This frame is now finished. I thought you might be interested in seeing how I applied the suggestions made in this thread when it came to fitting the acrylic and backing board. Firstly, I made three cleats and glued them in place on the frame, one at the top and two equidistantly spaced at the bottom. Then I cut a small block with two holes in it. I ran some thread throught the cleats and the block, tying it together loosely. The backing board and acrylic was then slipped into place under the thread. Finally, I tensioned the thread by sliding the block until it was tight.

                  This is all much easier to understand if you look at the photograph below:


                  There's another piece of wood glued to the backer board which you may not recognise - that's just for hanging the frame on a nail or picture hook.

                  If you want to know what it looks like from the front, here it is:



                  Once again, thank you for all your advice folks .

                  Gill
                  There is no opinion, however absurd, which men will not readily embrace as soon as they can be brought to the conviction that it is readily adopted.
                  (Schopenhauer, Die Kunst Recht zu Behalten)

                  Comment


                  • #10
                    I have said it before....More than just another pretty face!
                    Great work Gill
                    CAЯL HIRD-RUTTEЯ
                    "proud member of the best scroll sawing forum on the net."
                    Ryobi SC180VS scroll saw EX21

                    Comment


                    • #11
                      Hi Gill,

                      It looks good.

                      There's something bothering me though: the tightener with the 2 holes seems to stick out more than the piece of wood on the backing for hanging. Doesn't that cause a problem?

                      Regards,
                      Marcel
                      http://marleb.com
                      DW788. -Have fun in the shop or it isn't a hobby anymore.

                      NOTE: No trees were killed in the sending of this message, but a large number of electrons were terribly inconvenienced.

                      Comment


                      • #12
                        Hi Marcel

                        It doesn't seem to cause a problem. As it hangs, the weight of the frame traps the tightening block between the thread and the wall. This makes the block flip through 90 degrees, flattening it against the thread; as a result, the block exerts just a little more pressure and actually helps to maintain the thread tension. Looking at the frame as it hangs in position, you can't tell the block is there.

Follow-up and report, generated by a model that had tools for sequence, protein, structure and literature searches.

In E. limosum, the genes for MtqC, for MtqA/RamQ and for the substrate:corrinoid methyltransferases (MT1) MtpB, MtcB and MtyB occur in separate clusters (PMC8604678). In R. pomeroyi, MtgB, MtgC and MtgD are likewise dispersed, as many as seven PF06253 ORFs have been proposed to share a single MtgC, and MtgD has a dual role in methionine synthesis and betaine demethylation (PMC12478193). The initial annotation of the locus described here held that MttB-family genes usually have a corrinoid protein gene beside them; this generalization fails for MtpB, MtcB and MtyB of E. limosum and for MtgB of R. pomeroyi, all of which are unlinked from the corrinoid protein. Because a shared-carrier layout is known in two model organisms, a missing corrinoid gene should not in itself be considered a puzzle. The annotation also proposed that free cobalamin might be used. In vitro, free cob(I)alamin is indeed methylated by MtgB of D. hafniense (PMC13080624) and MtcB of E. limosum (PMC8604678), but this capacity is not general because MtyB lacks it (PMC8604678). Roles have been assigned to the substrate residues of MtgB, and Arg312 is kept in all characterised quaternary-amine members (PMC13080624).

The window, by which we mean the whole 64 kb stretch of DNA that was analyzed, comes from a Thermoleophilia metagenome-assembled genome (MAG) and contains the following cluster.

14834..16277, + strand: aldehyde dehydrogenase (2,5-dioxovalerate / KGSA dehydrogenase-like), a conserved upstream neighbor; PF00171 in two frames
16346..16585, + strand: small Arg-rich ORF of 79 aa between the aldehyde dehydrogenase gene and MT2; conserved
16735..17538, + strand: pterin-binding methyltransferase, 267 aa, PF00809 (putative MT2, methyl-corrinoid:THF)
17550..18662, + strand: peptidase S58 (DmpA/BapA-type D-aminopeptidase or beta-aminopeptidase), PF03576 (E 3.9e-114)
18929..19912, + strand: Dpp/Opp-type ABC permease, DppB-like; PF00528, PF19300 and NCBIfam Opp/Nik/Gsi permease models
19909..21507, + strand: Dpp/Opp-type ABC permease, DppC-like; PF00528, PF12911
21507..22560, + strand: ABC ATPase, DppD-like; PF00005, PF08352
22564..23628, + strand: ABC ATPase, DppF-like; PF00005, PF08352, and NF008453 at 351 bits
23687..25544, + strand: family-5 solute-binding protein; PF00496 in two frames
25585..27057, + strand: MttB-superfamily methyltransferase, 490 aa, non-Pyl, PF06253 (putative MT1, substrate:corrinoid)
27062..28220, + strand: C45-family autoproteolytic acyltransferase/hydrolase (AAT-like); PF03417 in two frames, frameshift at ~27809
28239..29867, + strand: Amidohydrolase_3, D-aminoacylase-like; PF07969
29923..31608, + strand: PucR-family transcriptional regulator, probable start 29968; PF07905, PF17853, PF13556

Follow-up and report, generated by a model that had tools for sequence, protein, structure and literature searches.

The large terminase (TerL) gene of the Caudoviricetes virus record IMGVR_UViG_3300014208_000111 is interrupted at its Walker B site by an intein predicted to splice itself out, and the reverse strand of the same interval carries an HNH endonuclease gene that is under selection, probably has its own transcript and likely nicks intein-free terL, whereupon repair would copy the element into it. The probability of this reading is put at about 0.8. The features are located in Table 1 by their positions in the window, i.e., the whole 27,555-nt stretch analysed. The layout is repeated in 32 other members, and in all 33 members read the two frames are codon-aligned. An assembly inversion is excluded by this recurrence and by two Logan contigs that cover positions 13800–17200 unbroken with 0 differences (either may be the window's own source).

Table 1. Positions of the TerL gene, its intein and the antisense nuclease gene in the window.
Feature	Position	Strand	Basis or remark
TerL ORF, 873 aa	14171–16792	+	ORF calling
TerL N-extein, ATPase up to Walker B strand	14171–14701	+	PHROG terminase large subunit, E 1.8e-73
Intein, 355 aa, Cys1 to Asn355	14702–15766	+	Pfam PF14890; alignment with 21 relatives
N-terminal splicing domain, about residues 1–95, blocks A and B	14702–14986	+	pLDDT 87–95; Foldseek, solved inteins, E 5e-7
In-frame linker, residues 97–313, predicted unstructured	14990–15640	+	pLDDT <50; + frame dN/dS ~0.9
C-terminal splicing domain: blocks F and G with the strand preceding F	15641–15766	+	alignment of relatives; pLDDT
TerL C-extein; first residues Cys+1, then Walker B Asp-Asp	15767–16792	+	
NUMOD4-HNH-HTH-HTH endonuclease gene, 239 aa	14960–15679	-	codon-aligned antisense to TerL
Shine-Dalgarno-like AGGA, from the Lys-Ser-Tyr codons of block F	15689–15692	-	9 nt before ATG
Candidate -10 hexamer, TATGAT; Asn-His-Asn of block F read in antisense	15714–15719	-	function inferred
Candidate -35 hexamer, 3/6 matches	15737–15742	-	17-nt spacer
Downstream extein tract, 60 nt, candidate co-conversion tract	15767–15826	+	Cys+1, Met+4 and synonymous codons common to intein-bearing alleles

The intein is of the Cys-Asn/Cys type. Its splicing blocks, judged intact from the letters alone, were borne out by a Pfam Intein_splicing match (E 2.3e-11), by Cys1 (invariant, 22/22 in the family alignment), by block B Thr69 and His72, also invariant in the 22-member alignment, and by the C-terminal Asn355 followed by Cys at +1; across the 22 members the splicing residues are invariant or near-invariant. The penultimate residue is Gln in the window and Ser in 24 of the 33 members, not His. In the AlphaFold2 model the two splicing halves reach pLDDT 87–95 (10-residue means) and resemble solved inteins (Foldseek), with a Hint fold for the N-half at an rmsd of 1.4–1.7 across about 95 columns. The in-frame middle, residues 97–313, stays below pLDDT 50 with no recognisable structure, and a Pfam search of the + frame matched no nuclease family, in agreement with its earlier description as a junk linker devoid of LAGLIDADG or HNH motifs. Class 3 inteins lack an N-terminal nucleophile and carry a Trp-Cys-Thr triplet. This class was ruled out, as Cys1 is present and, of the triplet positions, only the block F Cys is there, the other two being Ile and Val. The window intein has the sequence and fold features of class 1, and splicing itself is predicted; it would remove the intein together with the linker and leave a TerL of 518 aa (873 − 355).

Gill
                        There is no opinion, however absurd, which men will not readily embrace as soon as they can be brought to the conviction that it is readily adopted.
                        (Schopenhauer, Die Kunst Recht zu Behalten)

                        Comment


                        • #13
                          Looks great. A nice creative way to hold it all together. Your pretty good............................ for a girl!!! Dale
                          Dale w/ yella saws

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                          • #14
                            I love how you did that. I have been putting galzing clips on the back of my frames, but your idea is much better and easier. I hope you don't mind if I try that technique on the next frame I make.

                            Jim
                            Jim
                            DeWalt DW788 & Dremel 1680

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                            • #15
                              Oh Man, a chick with a mechanical aptitude. What a great idea. Good on ya!
                              MinotBob
                              Makita MSJ-401
                              Universal Tools:
                              Remember you only really need 2 tools: WD-40 and Duct Tape. If it doesn't move and should, use WD-40. If it moves and shouldn't, use the Duct Tape